Stanley told Defence Connect that there had been “a real shift in the focus, I think, on the Australian industry capability (AIC) and the approach to [it]”.
The public AIC reform outlines the plans and opportunities that contracted Defence suppliers may capitalise on while delivering to key Defence capability projects and sustainment activities.
“The words have been there for many years, but the current government's approach to it [and] Minister [for Defence Industry Christopher] Pyne's passion for Australian industry is really having an affect,” said Stanley. “We see the primes, we see the overseas companies and industry associations really wanting to engage with us, and we feel that the engagement is genuine.
“We even see it in the senior uniformed officers. We'll go to trade shows now. We've been to a few overseas and we've actually got the senior officers that are supporting the trade mission coming to us and asking us how they can help because the government wants them to help Australian industry do business overseas.”
Stanley also said that from an SME perspective, the timing was opportune to be active in the Australian Defence sector. Providing an update on the recent performance of Daronmont Technologies, Stanley emphasised that the company was essentially a small systems integrator.
“We've been around for about 20 years. We're in the surveillance, communications sort of domain,” Stanley said. “[We] got our big break making HF radars. We're probably the only company in the world that's actually built an HF surface wave radar and operated it 24/7 in a real environment.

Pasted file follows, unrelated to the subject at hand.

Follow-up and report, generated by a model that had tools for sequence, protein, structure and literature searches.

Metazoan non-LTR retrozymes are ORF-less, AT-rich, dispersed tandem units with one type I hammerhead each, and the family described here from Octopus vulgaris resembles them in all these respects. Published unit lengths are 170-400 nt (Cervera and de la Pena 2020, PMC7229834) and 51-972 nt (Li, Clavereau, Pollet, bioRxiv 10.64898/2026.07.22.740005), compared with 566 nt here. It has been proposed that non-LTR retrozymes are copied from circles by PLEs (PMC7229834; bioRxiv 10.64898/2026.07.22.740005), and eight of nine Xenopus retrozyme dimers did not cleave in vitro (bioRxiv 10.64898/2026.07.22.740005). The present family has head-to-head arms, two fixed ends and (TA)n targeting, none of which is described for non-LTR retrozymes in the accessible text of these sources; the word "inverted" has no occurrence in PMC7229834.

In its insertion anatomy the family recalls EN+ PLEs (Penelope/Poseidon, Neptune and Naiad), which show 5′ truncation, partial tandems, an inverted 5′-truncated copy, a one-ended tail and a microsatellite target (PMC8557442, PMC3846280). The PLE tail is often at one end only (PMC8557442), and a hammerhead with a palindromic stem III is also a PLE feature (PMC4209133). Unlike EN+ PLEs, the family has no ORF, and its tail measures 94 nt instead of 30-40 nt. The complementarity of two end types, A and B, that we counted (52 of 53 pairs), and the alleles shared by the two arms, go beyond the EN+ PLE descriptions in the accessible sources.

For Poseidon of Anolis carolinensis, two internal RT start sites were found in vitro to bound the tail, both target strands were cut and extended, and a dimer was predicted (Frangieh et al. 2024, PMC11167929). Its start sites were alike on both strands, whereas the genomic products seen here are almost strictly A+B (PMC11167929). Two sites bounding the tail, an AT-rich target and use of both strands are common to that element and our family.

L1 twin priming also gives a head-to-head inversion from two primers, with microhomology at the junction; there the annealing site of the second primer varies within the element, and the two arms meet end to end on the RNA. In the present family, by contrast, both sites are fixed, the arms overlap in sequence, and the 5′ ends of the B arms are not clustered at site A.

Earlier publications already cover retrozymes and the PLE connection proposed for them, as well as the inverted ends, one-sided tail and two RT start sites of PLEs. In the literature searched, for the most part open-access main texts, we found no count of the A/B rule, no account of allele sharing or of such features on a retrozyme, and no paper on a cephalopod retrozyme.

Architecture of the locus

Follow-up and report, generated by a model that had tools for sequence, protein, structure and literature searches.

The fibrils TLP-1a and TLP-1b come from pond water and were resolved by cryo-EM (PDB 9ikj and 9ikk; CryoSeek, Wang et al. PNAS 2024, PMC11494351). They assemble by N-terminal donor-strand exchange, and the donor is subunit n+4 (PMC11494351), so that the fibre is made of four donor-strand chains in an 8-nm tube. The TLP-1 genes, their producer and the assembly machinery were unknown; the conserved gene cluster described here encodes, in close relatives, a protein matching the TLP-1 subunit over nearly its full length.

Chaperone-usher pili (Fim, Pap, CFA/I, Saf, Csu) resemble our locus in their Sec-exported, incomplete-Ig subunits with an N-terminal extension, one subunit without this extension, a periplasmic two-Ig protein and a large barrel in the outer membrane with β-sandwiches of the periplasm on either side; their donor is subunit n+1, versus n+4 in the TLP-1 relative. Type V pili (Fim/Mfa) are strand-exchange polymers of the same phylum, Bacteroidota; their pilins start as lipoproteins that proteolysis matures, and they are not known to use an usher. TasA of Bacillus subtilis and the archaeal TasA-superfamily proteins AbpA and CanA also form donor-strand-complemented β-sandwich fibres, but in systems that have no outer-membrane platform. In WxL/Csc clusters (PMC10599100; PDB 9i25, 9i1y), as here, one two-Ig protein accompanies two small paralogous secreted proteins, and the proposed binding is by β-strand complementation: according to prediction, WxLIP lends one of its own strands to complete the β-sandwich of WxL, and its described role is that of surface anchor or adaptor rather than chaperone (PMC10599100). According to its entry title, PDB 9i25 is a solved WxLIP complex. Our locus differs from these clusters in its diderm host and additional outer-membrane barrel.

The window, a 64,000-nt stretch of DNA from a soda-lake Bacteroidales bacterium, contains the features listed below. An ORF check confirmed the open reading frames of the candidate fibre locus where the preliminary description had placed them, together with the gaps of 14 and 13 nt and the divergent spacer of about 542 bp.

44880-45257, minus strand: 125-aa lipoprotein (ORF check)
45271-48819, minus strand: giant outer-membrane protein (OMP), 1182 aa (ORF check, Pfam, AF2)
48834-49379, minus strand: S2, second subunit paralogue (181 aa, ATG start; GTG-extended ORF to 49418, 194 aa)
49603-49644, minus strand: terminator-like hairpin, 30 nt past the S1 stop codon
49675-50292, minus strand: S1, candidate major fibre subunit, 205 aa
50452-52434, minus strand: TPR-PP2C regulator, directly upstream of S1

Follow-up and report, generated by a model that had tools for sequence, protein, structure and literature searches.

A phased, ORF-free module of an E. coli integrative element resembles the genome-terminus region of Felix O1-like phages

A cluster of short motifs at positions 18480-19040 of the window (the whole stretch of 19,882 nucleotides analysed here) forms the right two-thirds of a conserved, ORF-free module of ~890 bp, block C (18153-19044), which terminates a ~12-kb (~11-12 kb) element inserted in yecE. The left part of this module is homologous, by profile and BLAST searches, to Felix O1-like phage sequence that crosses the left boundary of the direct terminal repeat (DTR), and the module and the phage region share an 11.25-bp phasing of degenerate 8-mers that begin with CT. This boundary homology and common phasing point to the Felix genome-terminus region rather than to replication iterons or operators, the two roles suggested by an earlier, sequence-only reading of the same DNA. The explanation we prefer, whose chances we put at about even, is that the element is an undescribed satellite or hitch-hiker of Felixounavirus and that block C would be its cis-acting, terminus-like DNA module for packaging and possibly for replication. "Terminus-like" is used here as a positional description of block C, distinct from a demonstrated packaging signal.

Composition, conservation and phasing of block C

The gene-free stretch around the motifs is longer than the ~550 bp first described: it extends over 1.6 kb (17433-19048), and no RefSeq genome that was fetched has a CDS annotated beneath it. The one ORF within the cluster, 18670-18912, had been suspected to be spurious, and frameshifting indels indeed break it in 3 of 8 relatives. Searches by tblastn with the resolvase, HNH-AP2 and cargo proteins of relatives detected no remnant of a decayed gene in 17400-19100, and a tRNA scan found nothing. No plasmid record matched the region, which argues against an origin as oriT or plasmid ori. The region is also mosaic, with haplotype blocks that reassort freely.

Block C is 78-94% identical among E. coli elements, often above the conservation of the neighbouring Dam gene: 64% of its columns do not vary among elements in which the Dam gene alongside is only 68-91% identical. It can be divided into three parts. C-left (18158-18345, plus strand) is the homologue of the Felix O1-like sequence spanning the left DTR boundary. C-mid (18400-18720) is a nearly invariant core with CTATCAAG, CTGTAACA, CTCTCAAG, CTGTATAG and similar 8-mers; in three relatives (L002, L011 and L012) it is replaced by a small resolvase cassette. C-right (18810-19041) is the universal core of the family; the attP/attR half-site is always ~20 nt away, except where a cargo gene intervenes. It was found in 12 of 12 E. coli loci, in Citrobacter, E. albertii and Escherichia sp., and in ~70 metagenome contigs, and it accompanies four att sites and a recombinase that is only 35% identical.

“Now we moved on from that technology into work on the submarines where we addressed some obsolescence issues around direction finding systems. We've continued that strong relationship with the Defence Science and Technology Group, so we've had people working in other areas of radar development in Adelaide. That's showing great promise for us in the immediate future.”
In addition, Stanley noted that some of the key staff at Daronmont Technologies had an Air Force background.
“We were able to use our Air Force knowledge to help Air Force address some problems around air defence surveillance before Vigil Air,” he said.
Stanley noted how this tie-in with the Air Force had enabled the firm to introduce new technologies into the country around correlation and tracking, adding that “we've just grown that over the last sort of 10 or 12 years”.